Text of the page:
tl;dr - The kata containers 3.0.2 documentation on custom kernels is great, but I ran into some issues, so I rehash exactly what I did below
I recently spent some time exploring how to build custom kernels to work with kata, and it’s way easier than it seems, though the docs are a bit stale/don’t work as expected.
Generally there are a few reasons you might want to do this, but usually it’s to enable kernel flags/features that weren’t enabled before. During a normal kernel build this is the configuration you’d do with
Here’s a quick guide from the notes I took while doing it (and re-produced for this post):
If you’re already running kata-containers, you can check the versions you’re using:
pgrep qemu -la
You’ll see the invocation options of
qemu, and should be able to confirm the kernel versions running (look for
Clone the [
kata-containers repository][kata-repo] and navigate to
git clone https://github.com/kata-containers/kata-containers.git cd kata-containers/tools/packaging/kernel
There’s a helpful script in that repository called
build-kernel.sh, which we can use to pull a kernel that we want.
There are quite a few options to the script, but we’ll be using only one to specify the kernel version we want:
./build-kernel.sh -v 5.15.26 setup
NOTE You can add
-d to enable debugging
Here’s the part you’ve been waiting for, you need to configure the kernel!
I find it easiest to modify the files in
configs/fragments/x86_64/base.conf) to my liking.
Let’s change something trivial like the number of CPUs allowed:
CONFIG_X86=y CONFIG_X86_CPUID=y CONFIG_X86_MSR=y CONFIG_X86_X2APIC=y CONFIG_X86_VERBOSE_BOOTUP=y # Configs around linux guest support and optimizations. CONFIG_HYPERVISOR_GUEST=y CONFIG_KVM_GUEST=y CONFIG_PARAVIRT=y # Use the maximum number of CPUs supported by KVM (240) CONFIG_NR_CPUS=9001 # <--- here's our change # For security CONFIG_LEGACY_VSYSCALL_NONE=y CONFIG_SPECULATION_MITIGATIONS=y CONFIG_RETPOLINE=y # Boot directly into the uncompressed kernel # Reduce memory footprint CONFIG_PVH=y CONFIG_NO_HZ_FULL=y CONFIG_GENERIC_MSI_IRQ_DOMAIN=y CONFIG_RANDOMIZE_BASE=y
Now that we’ve made some changes, we can re-run setup to build the kernel configuration again:
./build-kernel.sh -v 5.15.26 -f setup
What you’ll likely find though, is an error/failure:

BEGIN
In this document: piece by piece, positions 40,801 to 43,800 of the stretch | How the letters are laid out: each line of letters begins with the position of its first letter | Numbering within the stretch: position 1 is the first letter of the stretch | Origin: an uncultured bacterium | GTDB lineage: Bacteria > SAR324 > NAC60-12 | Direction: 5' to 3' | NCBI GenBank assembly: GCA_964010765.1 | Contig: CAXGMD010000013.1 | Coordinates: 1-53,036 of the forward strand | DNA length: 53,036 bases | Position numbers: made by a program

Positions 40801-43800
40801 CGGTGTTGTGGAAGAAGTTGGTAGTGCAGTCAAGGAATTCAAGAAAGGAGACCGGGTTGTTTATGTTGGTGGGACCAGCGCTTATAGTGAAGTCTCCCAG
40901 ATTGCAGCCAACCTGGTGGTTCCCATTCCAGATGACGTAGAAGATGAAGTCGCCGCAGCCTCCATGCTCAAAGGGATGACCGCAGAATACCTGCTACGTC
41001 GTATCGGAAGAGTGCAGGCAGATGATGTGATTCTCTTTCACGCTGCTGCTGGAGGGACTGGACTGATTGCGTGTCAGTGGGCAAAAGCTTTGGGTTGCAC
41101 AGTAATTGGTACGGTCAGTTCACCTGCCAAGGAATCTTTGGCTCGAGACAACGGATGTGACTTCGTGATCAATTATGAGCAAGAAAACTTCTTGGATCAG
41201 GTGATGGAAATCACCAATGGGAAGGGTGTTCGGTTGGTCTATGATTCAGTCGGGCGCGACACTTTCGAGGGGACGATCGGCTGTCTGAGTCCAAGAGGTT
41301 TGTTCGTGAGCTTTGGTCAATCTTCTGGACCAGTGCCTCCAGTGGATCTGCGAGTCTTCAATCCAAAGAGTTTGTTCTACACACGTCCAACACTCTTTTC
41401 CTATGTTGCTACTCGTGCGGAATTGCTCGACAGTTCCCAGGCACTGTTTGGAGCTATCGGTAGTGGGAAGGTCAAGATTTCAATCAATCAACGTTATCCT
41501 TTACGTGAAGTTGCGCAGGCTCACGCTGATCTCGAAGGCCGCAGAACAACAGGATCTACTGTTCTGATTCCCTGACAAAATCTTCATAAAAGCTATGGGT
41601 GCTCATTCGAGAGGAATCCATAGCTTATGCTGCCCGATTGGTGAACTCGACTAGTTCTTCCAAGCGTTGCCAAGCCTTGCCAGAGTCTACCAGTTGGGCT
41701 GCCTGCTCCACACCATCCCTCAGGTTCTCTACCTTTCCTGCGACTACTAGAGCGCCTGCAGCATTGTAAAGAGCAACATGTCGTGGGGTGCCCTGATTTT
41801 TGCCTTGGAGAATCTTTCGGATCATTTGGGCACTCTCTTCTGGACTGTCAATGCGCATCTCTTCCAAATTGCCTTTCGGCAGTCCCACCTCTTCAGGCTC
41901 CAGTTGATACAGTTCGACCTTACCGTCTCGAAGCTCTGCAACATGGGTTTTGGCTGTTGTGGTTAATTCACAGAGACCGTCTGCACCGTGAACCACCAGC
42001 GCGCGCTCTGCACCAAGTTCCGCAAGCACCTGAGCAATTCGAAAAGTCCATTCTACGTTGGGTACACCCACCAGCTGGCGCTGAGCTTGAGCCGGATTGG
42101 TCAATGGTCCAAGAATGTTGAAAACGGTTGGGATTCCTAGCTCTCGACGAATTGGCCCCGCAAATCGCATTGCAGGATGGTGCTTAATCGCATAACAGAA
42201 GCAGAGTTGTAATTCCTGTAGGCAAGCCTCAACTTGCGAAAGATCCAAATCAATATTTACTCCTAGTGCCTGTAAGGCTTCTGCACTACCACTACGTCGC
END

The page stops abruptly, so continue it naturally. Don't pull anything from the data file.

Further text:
❯ ./build-kernel.sh -v 5.15.26 -f setup INFO: Config version: 111 INFO: Kernel version: 5.15.26 INFO: /path/to/kata-containers/tools/packaging/kernel/kata-linux-5.15.26-111 already exist INFO: Force generate config due to '-f' INFO: Apply patches from /path/to/kata-containers/tools/packaging/kernel/patches/5.15.x INFO: Found 0 patches grep: warning: stray \ before ! INFO: Constructing config from fragments: /path/to/kata-containers/tools/packaging/kernel/configs/fragments/x86_64/.config INFO: Some CONFIG elements failed to make the final .config: INFO: Value requested for CONFIG_NR_CPUS not in final .config INFO: Generated config file can be found in /path/to/kata-containers/tools/packaging/kernel/configs/fragments/x86_64/.config ERROR: Failed to construct requested .config file ERROR: failed to find default config
NOTE You might want to go with a regular stable release, or a different LTS version, etc.
The values from the fragment that we changed did not make it into the
.config file that was generated for the kernel.
Turns out the value we used was too high (it was over 9000!), you can change it to something lower:
Once you have, you can re-run the configuration and confirm the change in the
➜ ./build-kernel.sh -v 5.15.26 -f setup INFO: Config version: 111 INFO: Kernel version: 5.15.26 INFO: /path/to/kata-containers/tools/packaging/kernel/kata-linux-5.15.26-111 already exist INFO: Force generate config due to '-f' INFO: Apply patches from /path/to/kata-containers/tools/packaging/kernel/patches/5.15.x INFO: Found 0 patches grep: warning: stray \ before ! INFO: Constructing config from fragments: /path/to/kata-containers/tools/packaging/kernel/configs/fragments/x86_64/.config INFO: Copying config file from: /path/to/kata-containers/tools/packaging/kernel/configs/fragments/x86_64/.config # # configuration written to .config # Kernel source ready: /path/to/kata-containers/tools/packaging/kernel/kata-linux-5.15.26-111
And if you confirm the change in the
➜ grep '120' /path/to/kata-containers/tools/packaging/kernel/configs/fragments/x86_64/.config 355:CONFIG_NR_CPUS=120
NOTE Yes, you could have done this first before running setup.
Now we’re ready to actually build the kernel:
./build-kernel.sh -v 5.15.26 build
After a bunch of compiling and waiting, you should see:
... Kernel: arch/x86/boot/bzImage is ready (#1)
This is a great time to back up the kernels that your kata VMs are currently using.
By default, kata uses
/usr/share/kata-containers, though my distribution/installation of k8s uses
As kata-containers picks up kernels from a specified location on-disk, we can run the install script (which writes to that place on disk) and use it to install there:
# ./build-kernel.sh -v 5.15.26 install INFO: Config version: 110 INFO: Kernel version: 5.15.26 lrwxrwxrwx 1 root root 19 Jul 19 01:24 /usr/share/kata-containers/vmlinux.container -> vmlinux-5.15.26-110 lrwxrwxrwx 1 root root 19 Jul 19 01:24 /usr/share/kata-containers/vmlinuz.container -> vmlinuz-5.15.26-110
At this point you should be able to start a pod (or any other kind of workload) using
runtimeClassName: kata and confirm the
qemuprocess using the newer versions of linux.
For example, you can
grep the output of
-kernel and in my cas I see something like this:
kata-containers GitHub issue #3790 which noted some install options that I was missing originally.